In a bit, we’ll dive into the stories of three female black angel investors who are paving the way forward. They do more than just provide badly needed investments into startups. They also offer inspiration to future generations of minority women seeking to build generational wealth, and can provide badly needed advice and education to many African American business owners who simply do not have investors in their network.

So who are some of these black angels? 

3 Female Black Angel Investors Working to Close the Funding Gap

Three female black angels whose stories stand out are:

Arlan Hamilton of Backstage Capital 

Backstage Capital is a venture capital fund that has invested in more than 130 startups led by either POC or LGBT founders. But the real inspiration is that of its founder, Arlan Hamilton, who built the fund from the ground up while she was still homeless and dependent on food stamps. 

Featured on the cover of Fast Company in late 2018, Hamilton gained attention when she announced that Backstage Capital would raise a $36 million fund exclusively for startups founded by African-American women. 

Her story is shared in her autobiography It’s About Damn Time.

Sarah Knust of Cleo Capital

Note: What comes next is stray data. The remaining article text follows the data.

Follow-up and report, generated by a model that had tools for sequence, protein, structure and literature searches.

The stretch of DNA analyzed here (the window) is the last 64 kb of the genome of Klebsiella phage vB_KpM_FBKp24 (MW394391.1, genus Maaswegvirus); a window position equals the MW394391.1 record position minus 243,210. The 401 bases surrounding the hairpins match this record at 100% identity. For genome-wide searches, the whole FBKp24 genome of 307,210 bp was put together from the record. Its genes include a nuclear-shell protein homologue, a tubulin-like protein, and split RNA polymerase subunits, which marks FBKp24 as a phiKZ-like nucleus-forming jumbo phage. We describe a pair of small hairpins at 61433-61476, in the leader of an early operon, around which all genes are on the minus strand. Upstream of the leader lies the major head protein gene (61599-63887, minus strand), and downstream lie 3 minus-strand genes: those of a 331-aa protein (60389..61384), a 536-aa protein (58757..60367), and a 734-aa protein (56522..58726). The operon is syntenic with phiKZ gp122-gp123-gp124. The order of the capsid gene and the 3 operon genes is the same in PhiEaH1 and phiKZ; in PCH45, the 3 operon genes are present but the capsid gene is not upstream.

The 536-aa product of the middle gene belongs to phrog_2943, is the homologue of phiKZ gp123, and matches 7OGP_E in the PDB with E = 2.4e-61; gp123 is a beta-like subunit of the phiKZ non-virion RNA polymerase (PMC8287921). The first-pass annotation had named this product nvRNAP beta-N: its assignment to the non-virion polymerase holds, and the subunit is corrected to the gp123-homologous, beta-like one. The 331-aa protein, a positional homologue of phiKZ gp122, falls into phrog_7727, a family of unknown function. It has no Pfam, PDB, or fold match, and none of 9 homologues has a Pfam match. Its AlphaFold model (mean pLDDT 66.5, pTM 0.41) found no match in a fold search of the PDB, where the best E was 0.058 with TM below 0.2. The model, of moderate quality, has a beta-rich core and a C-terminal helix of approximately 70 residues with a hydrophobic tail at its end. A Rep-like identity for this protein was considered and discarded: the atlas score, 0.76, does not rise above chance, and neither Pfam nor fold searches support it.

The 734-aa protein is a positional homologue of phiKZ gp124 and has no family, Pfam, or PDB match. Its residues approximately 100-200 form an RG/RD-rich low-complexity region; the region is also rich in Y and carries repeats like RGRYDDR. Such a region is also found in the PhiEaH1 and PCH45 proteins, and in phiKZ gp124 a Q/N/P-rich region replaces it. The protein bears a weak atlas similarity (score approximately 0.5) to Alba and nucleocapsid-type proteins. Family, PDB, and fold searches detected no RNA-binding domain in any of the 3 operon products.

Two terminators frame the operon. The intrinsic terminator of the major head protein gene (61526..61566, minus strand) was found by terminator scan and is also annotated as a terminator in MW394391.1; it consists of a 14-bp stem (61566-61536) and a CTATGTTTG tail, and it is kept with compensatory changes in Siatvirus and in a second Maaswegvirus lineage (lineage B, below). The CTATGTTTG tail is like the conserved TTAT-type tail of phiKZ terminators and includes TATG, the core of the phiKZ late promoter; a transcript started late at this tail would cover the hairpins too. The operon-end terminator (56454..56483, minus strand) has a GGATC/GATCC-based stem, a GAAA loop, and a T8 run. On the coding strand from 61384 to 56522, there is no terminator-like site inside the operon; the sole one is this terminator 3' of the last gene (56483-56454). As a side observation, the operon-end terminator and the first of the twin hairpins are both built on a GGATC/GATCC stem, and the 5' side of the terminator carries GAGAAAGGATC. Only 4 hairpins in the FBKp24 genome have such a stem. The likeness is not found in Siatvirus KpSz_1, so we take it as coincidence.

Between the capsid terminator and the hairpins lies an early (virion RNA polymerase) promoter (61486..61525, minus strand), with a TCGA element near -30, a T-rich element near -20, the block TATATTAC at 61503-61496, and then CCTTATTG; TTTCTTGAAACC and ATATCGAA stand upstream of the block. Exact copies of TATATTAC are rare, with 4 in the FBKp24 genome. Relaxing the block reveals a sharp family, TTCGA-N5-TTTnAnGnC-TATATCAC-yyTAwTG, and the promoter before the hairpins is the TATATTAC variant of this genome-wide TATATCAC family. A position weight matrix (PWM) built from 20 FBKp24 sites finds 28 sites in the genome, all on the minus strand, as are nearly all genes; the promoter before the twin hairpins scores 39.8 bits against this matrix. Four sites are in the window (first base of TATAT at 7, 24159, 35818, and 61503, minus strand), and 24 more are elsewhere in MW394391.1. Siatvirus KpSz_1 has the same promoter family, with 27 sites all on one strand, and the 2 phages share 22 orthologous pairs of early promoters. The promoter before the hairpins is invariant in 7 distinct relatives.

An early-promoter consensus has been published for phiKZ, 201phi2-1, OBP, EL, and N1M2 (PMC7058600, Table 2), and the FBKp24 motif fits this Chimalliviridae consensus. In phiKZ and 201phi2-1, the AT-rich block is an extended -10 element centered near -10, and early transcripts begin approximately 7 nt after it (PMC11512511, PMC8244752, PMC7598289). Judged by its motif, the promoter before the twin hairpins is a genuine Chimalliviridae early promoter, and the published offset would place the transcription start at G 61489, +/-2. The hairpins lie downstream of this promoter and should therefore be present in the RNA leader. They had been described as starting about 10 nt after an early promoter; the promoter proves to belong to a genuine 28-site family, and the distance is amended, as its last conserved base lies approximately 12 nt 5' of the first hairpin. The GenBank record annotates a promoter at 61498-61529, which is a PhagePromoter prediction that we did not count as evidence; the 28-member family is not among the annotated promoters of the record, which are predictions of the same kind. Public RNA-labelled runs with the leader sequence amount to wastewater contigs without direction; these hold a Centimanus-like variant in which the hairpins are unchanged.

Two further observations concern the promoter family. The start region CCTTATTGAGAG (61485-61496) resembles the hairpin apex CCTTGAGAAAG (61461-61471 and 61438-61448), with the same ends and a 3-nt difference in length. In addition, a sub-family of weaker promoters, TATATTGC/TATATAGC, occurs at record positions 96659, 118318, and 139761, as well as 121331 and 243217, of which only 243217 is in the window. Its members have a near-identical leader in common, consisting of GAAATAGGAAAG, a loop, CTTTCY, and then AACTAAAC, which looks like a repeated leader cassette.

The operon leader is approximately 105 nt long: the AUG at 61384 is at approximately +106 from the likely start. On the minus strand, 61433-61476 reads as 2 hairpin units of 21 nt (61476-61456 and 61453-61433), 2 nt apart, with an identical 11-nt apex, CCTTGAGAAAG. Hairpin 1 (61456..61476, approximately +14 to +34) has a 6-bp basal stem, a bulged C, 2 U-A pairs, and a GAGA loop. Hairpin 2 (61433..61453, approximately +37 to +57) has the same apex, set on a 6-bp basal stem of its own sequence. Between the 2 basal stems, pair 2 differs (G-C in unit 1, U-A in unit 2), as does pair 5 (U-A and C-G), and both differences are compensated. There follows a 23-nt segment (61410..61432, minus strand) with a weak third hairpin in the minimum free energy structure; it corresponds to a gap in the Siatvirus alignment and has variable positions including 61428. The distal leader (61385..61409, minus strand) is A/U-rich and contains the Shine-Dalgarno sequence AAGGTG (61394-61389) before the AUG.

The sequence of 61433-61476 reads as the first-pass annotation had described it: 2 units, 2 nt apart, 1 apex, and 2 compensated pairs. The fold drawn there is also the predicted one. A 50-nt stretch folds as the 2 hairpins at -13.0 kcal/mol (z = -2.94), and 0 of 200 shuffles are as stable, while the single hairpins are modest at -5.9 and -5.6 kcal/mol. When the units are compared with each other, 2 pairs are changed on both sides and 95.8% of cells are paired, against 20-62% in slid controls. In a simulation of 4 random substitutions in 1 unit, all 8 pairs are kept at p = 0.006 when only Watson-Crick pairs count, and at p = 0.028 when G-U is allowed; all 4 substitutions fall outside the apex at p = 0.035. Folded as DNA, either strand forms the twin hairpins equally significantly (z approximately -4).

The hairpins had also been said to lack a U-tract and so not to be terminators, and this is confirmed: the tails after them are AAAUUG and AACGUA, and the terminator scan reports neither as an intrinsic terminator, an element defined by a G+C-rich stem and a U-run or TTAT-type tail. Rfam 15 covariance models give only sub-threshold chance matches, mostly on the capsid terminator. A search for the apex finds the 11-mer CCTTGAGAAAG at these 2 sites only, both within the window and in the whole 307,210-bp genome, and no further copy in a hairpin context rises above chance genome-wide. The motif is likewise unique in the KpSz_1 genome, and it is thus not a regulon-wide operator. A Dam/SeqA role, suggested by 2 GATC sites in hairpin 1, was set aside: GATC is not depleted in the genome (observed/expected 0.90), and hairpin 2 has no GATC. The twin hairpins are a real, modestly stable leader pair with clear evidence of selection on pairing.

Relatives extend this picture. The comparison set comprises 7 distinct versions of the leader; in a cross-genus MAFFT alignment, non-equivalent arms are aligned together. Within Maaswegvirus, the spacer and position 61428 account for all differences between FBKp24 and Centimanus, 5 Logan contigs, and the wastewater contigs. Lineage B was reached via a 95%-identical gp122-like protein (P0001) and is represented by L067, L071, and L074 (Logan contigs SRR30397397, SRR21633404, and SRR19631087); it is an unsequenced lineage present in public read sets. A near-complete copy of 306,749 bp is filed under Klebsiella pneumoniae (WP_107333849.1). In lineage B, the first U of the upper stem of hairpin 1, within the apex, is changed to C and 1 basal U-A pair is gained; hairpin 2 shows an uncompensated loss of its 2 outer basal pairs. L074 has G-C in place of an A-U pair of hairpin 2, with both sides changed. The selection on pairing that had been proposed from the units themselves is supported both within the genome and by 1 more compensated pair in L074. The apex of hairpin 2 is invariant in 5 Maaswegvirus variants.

Having invested in more than 40 different startups and with big names like Apple and Red Bull in her resume of companies she’s worked for, Sarah Knust has established herself as a major force in the investment world. Knust is regularly cited by major publications like Vanity Fair and Business Insider as an investor who can teach success before the age of 35 and who will continue to be a force into the future. 

She is currently the managing director of Cleo Capital, and is also the founder of subscription workout app ProDay and a contributing editor at Marie Claire

Tiffany Aliche of the Budgetnista

Tiffany Aliche founded and runs Budgetnista, a financial education company that has helped more than 1 million women across the globe save hundreds of millions of dollars, and pay down an equivalent amount in debt. 

Aliche says she was motivated to start the company after conducting intense research into how black women are paid less than their peers and also suffer from other massive struggles such as devalued housing. Budgetnista is the result of Aliche’s desire to help those women get back on their feet with a firm financial foundation and debt-free lifestyle. 

Aliche’s story and her advice is told in the book Get Good with Money.

Final Thoughts

At the end of the day, Aliche, Van Court, and Kimberlin aren’t just making a difference when it comes to representation and equality. They’re making a difference in people’s lives by creating more opportunities for entrepreneurs of color. 

For all of the challenges they’ve faced, black-founded startups are on the rise, and they’re on the rise because of investors like the three women whose stories we’ve shared today. 

Photo by mimagephotography/Shutterstock

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Nahla Davies is a software developer and tech writer. Before devoting her work full time to technical writing, she managed—among other intriguing things—to serve as a lead programmer at an Inc. 5,000 experiential branding organization whose clients include Samsung, Time Warner, Netflix, and Sony.